City to create electric car charging hubs in each borough
by Benjamin Fang
Sep 26, 2017 | 2542 views | 0 0 comments | 103 103 recommendations | email to a friend | print
Mayor Bill de Blasio announced last Wednesday that the city will invest $10 million to create more fast-charging stations for electric vehicles.

Standing in the parking lot of Whole Foods in Gowanus flanked by electric vehicles, the mayor said the city will partner with Con Edison to develop at least one charging hub per borough by the end of 2018. Each hub will have 20 charging stations.

The new initiative is part of the city’s commitment to establish 50 fast-charging hubs citywide by 2020. Each hub will have anywhere between four and 20 stations, depending on the need.

The goal is for 20 percent of the city’s cars to be electric by 2025.

According to the mayor, two years ago, less than 1 percent of cars were electric. He said he sees electric cars as “an important part of the solution” to reduce greenhouse emissions.

“Electric vehicles are game changers,” de Blasio said. “It’s striking how much better they are.”

After recent hurricanes battered Houston, Florida, Puerto Rico and the Caribbean, the mayor said the catastrophes were a result of climate change, which he called “an existential threat.” Last week, the mayor also announced a plan to mandate cuts in greenhouse gas emissions from buildings.

Adding more electric cars on the road is part of the city’s plan to reduce greenhouse emissions 80 percent by 2050.

The mayor said there are electric car models that now go for less than $30,000, and the price will continue to drop.

“The easier we make it for electric vehicles, the more manufacturers will build and the more the price will go down,” de Blasio said.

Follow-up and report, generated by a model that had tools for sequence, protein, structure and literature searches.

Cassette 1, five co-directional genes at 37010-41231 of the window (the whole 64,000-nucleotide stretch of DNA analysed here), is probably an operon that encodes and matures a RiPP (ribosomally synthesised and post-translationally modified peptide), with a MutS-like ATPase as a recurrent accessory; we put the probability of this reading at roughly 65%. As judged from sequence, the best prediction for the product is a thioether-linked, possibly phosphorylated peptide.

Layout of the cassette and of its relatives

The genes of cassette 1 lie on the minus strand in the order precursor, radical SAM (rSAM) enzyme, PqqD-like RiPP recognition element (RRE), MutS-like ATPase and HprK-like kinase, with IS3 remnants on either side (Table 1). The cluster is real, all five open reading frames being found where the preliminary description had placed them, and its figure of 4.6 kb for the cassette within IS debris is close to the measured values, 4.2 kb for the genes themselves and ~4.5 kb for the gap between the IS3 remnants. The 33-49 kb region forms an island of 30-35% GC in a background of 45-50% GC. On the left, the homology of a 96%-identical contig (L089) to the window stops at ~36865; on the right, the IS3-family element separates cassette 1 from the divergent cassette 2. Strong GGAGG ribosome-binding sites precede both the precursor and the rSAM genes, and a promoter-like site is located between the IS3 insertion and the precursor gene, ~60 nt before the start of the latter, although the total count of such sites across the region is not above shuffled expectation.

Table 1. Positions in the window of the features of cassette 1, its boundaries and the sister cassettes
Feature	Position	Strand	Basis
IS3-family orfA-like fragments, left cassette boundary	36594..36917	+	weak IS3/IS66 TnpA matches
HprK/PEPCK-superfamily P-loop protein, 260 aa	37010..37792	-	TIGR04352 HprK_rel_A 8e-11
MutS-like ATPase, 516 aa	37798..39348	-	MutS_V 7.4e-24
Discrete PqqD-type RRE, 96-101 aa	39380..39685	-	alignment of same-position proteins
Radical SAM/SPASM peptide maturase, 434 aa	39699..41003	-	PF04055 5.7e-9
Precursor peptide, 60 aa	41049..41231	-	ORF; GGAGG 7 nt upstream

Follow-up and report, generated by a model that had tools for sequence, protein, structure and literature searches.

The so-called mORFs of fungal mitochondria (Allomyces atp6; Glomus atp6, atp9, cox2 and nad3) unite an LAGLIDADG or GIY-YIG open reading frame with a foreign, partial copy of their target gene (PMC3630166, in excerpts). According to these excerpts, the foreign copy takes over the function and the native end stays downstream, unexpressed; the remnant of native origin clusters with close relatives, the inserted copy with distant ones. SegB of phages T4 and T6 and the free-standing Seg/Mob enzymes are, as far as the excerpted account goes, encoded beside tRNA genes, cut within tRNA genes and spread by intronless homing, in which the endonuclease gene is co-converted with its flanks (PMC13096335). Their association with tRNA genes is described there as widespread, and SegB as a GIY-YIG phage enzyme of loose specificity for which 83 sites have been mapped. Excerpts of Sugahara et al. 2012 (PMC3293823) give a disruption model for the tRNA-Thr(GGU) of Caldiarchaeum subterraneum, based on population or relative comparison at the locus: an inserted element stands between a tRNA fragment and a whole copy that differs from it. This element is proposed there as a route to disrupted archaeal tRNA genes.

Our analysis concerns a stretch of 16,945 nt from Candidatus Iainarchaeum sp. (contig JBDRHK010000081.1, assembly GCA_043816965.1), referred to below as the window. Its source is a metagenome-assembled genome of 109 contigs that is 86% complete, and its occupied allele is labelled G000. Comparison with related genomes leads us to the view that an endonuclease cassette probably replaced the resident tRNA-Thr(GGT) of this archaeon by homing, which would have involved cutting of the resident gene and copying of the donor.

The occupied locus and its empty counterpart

He encouraged drivers thinking about purchasing a new car to recognize that “the future is electric.”

“It’s a smart move for your family, for your bottom line, and it’s a great, great move for the environment,” he said.

“The goal is to reduce emissions, the goal is to save the earth and to make electric vehicles more viable for more New Yorkers,” he added. “We do not aim to have more cars on our streets. We want that those people who must have a car and make that choice, more and more turn to electric.”

Currently, there are 307 publicly available charging sites citywide. However, only 16 stations are considered fast charging, which take 30 minutes to charge a car. Slow-charging stations take up to eight hours.

Michael Chan, an electric car owner, said he used to own hybrid cars but realized they were still “gasoline-fed machines that pollute the air we breathe.” He bought two electric cars in April.

However, Chan only found three charging locations, and often had to wait to use them.

“I usually have to charge in the middle of the night after I put the baby to sleep and my chores are done,” he said. “Although it’s free, it’s a major pain to charge at these stations.”

By 2018, that will change. According to the mayor, even the city fleet will be greener. The city has surpassed 1,000 electric vehicles in its fleet, and its goal is to have 2,000 electric cars by 2025.

De Blasio admitted that the SUV in his security detail is a hybrid, but he would “love to get it to electric.”

“That’s something we’ll have to decide with the NYPD,” he said.

Marcia Bystryn, president of New York League of Conservation Voters, said 30 percent of emissions come from the transportation sector, so this initiative will have an impact on air quality.

“We hope this effort will also spur additional private investment to help build out a truly robust set of charging stations,” she said.

Councilman Costa Constantinides, who chairs the Committee on Environmental Protection, said making it easier for residents to purchase electric cars is a big step.

“Residents can make their decisions based on their green values, not just on convenience or their pocketbook,” Constantinides said.
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